"Precious things are conveyed to the younger generation through personal contact with those who teach, not - or at least not in the main - through textbooks. It is this that primarily constitutes and preserves culture."

In an Erdkinder program, the children live on a farm and their 'schooling' consists of running the farm as a business, including caring for the animals and tending the crops. Interspersed with these weighty tasks are academic studies based on real books and field trips. The goal of Erdkinder (German for Children of the Earth) is to produce adults who are equipped with the confidence in themselves and actual skills to live in the real world.

The Humane Kindness of Erdkinder

In older societies, people mark the passage into adulthood by various ceremonies. Inuit boys go on a vision quest. In other cultures, taking part in one's first game hunt marked the entry into adulthood. After this, the boy was considered a man by the culture and expected to assume all of the responsibilities of manhood.

Most modern societies are now virtually without any meaningful markers of this kind. Instead, we have created something new called 'the teen years', where someone is not really a child but not yet an adult. Maria Montessori was astonished that during the time of physical, emotional, and intellectual turmoil called adolescence, most cultures immobilize children behind desks rather than let them put their energies into meaningful projects.

It is little wonder, then, that so many young people, lost in this vague, enforced limbo, turn to drugs to distract themselves from the purposelessness of life, or become suddenly violent as do wild animals who are kept in cages. Human family systems are destroyed every day because someone refuses to be faithful to the family unit, to care for a sick family member, to care for a home, to care for children, to handle family money responsibly. Irresponsible people make life miserable for everybody, and I believe our current system of education, and the unthinking approval it has from the majority of society, is largely to blame for this.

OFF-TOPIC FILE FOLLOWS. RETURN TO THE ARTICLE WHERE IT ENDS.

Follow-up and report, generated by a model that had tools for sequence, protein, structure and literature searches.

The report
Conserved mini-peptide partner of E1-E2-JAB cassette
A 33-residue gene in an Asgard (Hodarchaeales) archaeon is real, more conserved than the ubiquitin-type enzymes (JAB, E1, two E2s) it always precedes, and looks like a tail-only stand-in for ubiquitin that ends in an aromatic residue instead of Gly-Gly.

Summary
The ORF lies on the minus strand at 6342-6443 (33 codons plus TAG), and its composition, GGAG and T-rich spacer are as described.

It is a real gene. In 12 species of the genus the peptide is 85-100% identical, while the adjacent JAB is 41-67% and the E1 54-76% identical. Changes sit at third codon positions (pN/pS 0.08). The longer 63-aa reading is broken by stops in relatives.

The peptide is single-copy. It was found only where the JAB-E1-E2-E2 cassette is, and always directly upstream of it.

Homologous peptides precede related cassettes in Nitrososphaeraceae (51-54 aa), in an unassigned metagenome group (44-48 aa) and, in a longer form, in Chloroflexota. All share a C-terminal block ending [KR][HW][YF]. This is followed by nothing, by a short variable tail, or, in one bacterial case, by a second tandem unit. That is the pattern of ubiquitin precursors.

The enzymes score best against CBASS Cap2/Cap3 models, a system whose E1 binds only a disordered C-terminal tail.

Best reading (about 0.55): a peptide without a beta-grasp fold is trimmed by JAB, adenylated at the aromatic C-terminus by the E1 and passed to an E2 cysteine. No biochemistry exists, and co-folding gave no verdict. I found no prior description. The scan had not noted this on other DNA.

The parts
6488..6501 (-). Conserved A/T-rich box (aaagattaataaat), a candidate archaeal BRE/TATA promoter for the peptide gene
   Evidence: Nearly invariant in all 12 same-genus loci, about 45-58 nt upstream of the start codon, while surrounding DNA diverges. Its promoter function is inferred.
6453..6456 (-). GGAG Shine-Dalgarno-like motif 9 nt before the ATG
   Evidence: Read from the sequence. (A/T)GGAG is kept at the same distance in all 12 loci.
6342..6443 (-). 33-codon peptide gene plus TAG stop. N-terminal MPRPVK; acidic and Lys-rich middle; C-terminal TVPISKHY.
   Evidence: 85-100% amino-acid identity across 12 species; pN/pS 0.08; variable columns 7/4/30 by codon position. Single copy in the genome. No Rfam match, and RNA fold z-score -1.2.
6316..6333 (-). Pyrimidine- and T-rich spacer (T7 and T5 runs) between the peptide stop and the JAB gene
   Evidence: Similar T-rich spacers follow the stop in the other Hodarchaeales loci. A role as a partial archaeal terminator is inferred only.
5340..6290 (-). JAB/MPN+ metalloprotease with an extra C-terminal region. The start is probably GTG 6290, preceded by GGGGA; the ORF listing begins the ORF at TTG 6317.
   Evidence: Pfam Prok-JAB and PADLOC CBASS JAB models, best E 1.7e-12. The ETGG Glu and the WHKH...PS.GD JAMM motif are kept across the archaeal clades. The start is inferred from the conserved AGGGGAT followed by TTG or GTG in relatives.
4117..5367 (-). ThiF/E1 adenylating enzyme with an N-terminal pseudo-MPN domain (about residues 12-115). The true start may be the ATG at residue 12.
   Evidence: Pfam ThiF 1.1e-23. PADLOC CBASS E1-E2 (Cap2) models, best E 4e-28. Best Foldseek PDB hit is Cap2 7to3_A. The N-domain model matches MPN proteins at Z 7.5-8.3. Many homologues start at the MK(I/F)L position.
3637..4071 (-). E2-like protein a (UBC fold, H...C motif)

The Erdkinder method, by contrast, empowers youth and adolescents with the knowledge that they must take responsibility for their own care and that their activities, pursuits and actions have a very real effect on their fellow students, instructors, home and community. Lessons about economics, environmental sciences, domestic arts are acquired through hands-on work and the intellect is developed by reading, by community discussion, by enriching interactions with art, music, technology and nature.

In an Erdkinder learning community, the environment is housed on a working farm. The students clean, cook, and learn to process and preserve farm-grown foods through  the understanding of the permaculture concepts. Students are actively involved in the 'family' finances, working with a budget when they shop for the community needs. The house is also the center of their social activities, a place to pursue art and to live alongside both their peers and the adult instructors who run the farm community.

Students care for the farm animals, learn handcrafts like woodworking, experiment with horticulture in an alternative energy laboratory and put on performing arts shows. The farm is surrounded by acres of forest where the students hike and explore.

Beyond acting as stewards of the home, barns and land, the students run a bed & breakfast for the community. In the midst of all of this vigorous and creative living, students are necessarily learning the following skills and arts from real-life experience: ​Math, ecology, biology, accounting, chemistry, physics, Economics, farm to table & nutrition, permaculture & land stewardship, peace education, animal husbandry, Artisan specialization, compassionate communication & conflict resolution, environmental exploration & research.


*** excerpted from Montessori for Everyone